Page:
Intangibles: Character-wise, nothing (at least publicly) comes to mind. But on the field, Barr's college lowlights almost exclusively have to do with his lack of extended time at the position: susceptibility on play-action/counter runs, lack of pass-rushing technique and play recognition. But with only two seasons playing linebacker, can you really blame him? Still, the multi-million-dollar question for Barr will be how he mentally adjusts to the NFL game and his prospective coaching staff. Thus far, he has relied more upon his extraordinary natural tools to get the job done most of the time.
Takeaway: Barr has simply got so, so much of that dangerous 'P' word: potential. The converse of that: "raw," the R-word scouts also love to use. But almost every player, no matter what his skill set, experiences a learning curve during the first couple of years in the league. We saw that with standout first-round pick Desmond Trufant. Heck, even Julio Jones had his share of growing pains.
And it is precisely that "R" word that has scouts looking at Barr and thinking "Aldon Smith" or "Clay Matthews" - players that came into the league full of potential but lacking in technique. Both have developed into elite players, and we would hope the addition of Bryan Cox will improve this team's ability to develop pass rushers and potentially do the same with Barr were he drafted.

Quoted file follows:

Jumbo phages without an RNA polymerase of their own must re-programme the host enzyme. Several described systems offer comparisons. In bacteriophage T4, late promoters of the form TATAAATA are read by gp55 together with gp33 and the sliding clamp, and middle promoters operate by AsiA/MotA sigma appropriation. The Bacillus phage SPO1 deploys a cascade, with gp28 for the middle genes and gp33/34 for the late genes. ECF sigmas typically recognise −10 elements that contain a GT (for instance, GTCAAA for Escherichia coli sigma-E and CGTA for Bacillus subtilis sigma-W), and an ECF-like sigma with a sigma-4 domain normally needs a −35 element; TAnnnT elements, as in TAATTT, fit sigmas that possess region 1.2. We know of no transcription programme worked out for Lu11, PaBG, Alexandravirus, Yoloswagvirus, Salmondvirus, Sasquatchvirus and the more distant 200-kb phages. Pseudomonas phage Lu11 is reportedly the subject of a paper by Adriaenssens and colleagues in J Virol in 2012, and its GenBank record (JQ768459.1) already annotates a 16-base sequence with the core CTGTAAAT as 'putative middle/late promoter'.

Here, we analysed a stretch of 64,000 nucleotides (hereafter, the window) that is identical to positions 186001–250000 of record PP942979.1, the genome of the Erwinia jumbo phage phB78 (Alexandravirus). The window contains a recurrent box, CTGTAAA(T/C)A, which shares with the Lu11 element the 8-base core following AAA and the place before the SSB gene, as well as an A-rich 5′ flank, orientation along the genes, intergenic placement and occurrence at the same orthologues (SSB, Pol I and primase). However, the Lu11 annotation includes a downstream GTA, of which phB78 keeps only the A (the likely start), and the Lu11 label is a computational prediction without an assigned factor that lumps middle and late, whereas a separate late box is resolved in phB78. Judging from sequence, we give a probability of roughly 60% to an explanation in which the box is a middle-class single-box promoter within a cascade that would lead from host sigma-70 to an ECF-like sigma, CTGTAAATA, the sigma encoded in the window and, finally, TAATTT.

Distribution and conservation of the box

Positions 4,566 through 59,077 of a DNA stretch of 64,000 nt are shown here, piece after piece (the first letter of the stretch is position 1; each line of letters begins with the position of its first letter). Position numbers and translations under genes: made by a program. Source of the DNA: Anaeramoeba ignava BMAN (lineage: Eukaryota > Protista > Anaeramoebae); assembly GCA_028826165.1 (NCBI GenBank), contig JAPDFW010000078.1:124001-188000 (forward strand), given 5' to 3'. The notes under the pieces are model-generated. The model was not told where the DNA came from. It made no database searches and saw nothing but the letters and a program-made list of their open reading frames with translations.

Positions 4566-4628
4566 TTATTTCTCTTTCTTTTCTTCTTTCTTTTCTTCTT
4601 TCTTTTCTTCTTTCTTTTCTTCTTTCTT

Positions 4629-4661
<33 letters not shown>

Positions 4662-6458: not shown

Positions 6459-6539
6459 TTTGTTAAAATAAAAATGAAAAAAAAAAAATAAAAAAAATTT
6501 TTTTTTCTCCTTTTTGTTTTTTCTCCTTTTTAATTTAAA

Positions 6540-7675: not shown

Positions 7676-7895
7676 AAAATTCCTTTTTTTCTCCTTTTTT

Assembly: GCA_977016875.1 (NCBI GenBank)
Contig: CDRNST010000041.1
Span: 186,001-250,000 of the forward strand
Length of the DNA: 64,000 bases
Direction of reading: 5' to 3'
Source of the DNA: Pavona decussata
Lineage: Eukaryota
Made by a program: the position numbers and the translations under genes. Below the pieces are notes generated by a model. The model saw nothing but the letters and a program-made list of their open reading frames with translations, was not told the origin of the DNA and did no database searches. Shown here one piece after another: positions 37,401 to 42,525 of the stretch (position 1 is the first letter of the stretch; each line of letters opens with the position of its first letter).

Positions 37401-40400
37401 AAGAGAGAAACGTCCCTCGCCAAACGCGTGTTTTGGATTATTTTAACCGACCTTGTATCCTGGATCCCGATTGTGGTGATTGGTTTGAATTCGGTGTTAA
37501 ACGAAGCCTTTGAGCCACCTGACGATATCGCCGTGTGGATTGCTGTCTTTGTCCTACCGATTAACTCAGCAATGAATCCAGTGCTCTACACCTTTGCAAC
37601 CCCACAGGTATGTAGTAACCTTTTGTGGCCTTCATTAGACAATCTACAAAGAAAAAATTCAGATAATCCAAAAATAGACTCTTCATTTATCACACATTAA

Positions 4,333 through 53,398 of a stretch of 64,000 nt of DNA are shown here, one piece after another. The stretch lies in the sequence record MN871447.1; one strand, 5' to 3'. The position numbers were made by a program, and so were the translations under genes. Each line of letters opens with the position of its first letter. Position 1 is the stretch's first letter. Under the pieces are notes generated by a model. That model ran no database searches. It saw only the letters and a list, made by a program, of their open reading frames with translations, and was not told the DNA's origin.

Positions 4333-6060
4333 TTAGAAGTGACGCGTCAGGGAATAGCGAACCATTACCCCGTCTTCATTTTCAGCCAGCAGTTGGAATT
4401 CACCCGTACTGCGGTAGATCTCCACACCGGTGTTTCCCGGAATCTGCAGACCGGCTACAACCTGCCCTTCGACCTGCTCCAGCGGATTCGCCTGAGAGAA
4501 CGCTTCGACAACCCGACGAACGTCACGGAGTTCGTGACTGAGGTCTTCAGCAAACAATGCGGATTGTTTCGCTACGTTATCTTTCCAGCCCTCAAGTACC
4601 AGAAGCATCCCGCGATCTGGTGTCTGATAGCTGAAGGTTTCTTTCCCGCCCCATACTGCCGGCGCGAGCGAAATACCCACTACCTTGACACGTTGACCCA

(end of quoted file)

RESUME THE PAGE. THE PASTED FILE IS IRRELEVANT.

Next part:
I have no doubt that Barr will develop into an impact NFL pass rusher. If he makes it past the 10th overall pick in the draft, I'd be shocked. But can he contribute right away? As we saw with Jarvis Jones and Dion Jordan last year, there's far from any guarantee of instant success. I'd say the prospects of Barr excelling as a rookie are hazy at best, and it's why most prefer Clowney over him. It is infinitely more difficult to skate by on physical traits alone in the NFL.
But Barr would certainly fit in Nolan's scheme: he's had past success with a traditional 3-4 edge rusher while in Denver (Elvis Dumervil) and Miami (Cameron Wake). If the team wants to become more "3-4" than the "4-3 multiple" of 2013, then Barr would make a lot of sense, and even if the team moved him to defensive end I believe he could still succeed.
Coming off a 4-12 season, the coaches and front office may not feel content waiting around for him to develop. As for whether he's better than Mack or not, well, I'll save that opinion for the next post.
But let's hear you all weigh in: what do you think of Barr and his prospects in the NFL?